This is another such long-term project. The gin needs to be left to mature for a good couple of months before drinking, though I intend to leave mine for a bit longer. However, there's very little work involved, and once it's all mixed you can just leave it, shaking or stirring it occasionally. 

Basically, you mix your sloes with sugar and gin.

There you go, readers - Nutmegs, seven's shortest ever recipe. 

You need about 450g sloes for every 750ml gin, and about 225g of granulated or caster sugar for every 450g sloes, though you can add more if you have quite a sweet tooth. Then you just need to combine them in a jar or tub with a watertight lid, leaving a bit of space so you can either stir or shake the mixture.

You can either do this the painstaking way, and prick each sloe with a pin so that they release their juices into the gin, or you can do it the easy way, and freeze your sloes so the skins split, before defrosting and then squeezing them to mush in their bag (intensely enjoyable). Then you can add the sugar and the gin. Apparently it doesn't really matter what quality of gin you use - no point in splashing out on some Bombay, for instance - but I wouldn't suggest using Tesco Value gin. The next one up would be fine, though. I got mine from Asda - £20 for 1.5 litres, which isn't bad for two bottles of tasty sloe gin.

I made my gin in two large 3-litre Le Parfait jars - although they're not even half full, the space left gives you room to shake the contents vigorously to ensure they're well-mixed. Put the fruit in the jar, sprinkle over the sugar, pour over the gin, and clip on the lid. Then shake, shake, shake, and leave in a cool, dark place. Keep shaking it every day or so for a couple of weeks, then leave to mature for a couple of months at least.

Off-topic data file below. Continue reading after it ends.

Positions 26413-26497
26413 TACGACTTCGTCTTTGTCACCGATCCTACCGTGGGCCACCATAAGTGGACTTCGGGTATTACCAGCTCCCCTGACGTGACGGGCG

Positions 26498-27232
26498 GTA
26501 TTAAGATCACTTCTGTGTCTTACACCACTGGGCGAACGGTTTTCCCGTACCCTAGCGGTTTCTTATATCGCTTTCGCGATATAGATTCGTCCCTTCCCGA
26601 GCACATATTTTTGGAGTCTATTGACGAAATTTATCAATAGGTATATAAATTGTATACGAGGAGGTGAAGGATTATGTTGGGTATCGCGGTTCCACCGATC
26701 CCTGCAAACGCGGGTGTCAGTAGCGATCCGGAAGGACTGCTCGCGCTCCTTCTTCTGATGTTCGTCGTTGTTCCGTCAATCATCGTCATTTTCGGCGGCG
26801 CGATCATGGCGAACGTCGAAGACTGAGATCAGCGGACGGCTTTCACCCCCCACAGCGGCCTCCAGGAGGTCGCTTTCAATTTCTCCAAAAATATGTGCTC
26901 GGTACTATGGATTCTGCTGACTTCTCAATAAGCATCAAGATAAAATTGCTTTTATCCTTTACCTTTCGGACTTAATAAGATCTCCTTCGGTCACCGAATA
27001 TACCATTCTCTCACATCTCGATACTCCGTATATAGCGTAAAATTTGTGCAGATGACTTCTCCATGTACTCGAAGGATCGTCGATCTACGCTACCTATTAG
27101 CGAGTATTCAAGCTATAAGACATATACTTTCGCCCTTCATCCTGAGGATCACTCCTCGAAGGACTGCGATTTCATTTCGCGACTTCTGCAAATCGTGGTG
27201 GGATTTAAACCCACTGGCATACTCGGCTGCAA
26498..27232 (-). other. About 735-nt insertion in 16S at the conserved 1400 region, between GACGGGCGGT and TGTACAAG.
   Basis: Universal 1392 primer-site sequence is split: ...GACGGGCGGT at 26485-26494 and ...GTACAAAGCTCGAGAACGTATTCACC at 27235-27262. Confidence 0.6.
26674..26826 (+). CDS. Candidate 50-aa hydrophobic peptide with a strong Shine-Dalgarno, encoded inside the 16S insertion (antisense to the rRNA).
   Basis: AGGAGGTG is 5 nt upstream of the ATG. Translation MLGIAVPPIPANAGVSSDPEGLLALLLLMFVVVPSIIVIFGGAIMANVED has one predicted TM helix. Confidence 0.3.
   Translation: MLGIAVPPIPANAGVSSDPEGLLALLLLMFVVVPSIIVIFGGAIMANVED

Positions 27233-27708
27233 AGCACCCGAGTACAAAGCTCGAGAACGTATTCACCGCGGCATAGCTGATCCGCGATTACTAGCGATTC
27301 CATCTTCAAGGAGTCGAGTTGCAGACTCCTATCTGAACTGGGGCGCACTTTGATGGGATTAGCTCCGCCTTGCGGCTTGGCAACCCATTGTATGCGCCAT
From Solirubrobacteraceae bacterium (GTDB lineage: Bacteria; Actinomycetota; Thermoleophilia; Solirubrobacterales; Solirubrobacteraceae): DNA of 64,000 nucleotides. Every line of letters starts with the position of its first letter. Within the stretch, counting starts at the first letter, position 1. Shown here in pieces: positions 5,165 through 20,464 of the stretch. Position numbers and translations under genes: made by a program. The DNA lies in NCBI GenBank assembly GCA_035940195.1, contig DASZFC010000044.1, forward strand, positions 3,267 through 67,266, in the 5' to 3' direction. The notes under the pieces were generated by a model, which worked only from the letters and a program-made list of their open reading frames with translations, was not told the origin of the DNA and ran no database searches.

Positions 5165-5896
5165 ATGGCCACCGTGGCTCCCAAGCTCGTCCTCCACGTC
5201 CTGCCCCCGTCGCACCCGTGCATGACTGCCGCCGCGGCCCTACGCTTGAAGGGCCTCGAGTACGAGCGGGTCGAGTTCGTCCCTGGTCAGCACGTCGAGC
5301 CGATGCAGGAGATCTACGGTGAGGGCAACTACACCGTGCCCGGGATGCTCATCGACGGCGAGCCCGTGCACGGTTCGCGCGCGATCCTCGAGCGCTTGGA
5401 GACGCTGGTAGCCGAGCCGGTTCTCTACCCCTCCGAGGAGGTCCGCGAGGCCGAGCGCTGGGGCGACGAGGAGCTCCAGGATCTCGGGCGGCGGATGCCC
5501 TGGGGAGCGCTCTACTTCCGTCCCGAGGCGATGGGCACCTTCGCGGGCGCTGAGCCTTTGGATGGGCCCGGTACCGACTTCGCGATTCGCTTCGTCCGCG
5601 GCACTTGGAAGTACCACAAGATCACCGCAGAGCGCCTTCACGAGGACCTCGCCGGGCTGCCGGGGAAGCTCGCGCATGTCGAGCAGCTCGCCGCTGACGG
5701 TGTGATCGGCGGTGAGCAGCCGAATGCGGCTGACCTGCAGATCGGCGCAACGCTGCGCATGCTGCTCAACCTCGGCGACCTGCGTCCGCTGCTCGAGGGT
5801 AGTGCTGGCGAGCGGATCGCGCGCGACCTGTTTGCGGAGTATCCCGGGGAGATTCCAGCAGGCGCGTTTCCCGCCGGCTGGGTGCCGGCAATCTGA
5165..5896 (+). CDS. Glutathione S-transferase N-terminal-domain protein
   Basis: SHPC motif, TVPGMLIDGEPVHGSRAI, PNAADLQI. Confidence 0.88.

I'm not sure whether to take the sloes out and strain the mixture after a couple of months before leaving it to mature further, or just leave the sloes in right up until I want to drink it. Apparently it's possible to do both, though I think leaving the sloes in for longer might give a better flavour, so that's probably what I'll do. 

I'm also looking forward to using the gin-saturated leftover sloes for something delicious; I've read various people suggesting them as an accompaniment for game. What better partner for Yorkshire sloes than some nice Yorkshire venison, or pheasant? 

Incidentally, sloes are not good for eating raw. I tried one out of curiosity, but Hans Christian Andersen was right when he wrote that they "set one's teeth on edge". Your whole mouth puckers up from the astringency, rather like trying to eat a lemon or gooseberry. 

So that's a brief summary of my latest food project. If you know anyone who might have some sloes growing near them, ask nicely for a few and try it yourself. I'm going to decant the gin into lovely old-fashioned stoppered bottles when it's ready and make some nice hand-written labels for it, to please both my inner home economist and outer rampant aesthete. 

I can't wait for the first sip of this sweet, warming, fruity concoction.

Have you done any foraging this year, or dabbled in the joy of home preserving? Do you have a favourite recipe for an abundance of wild ingredients?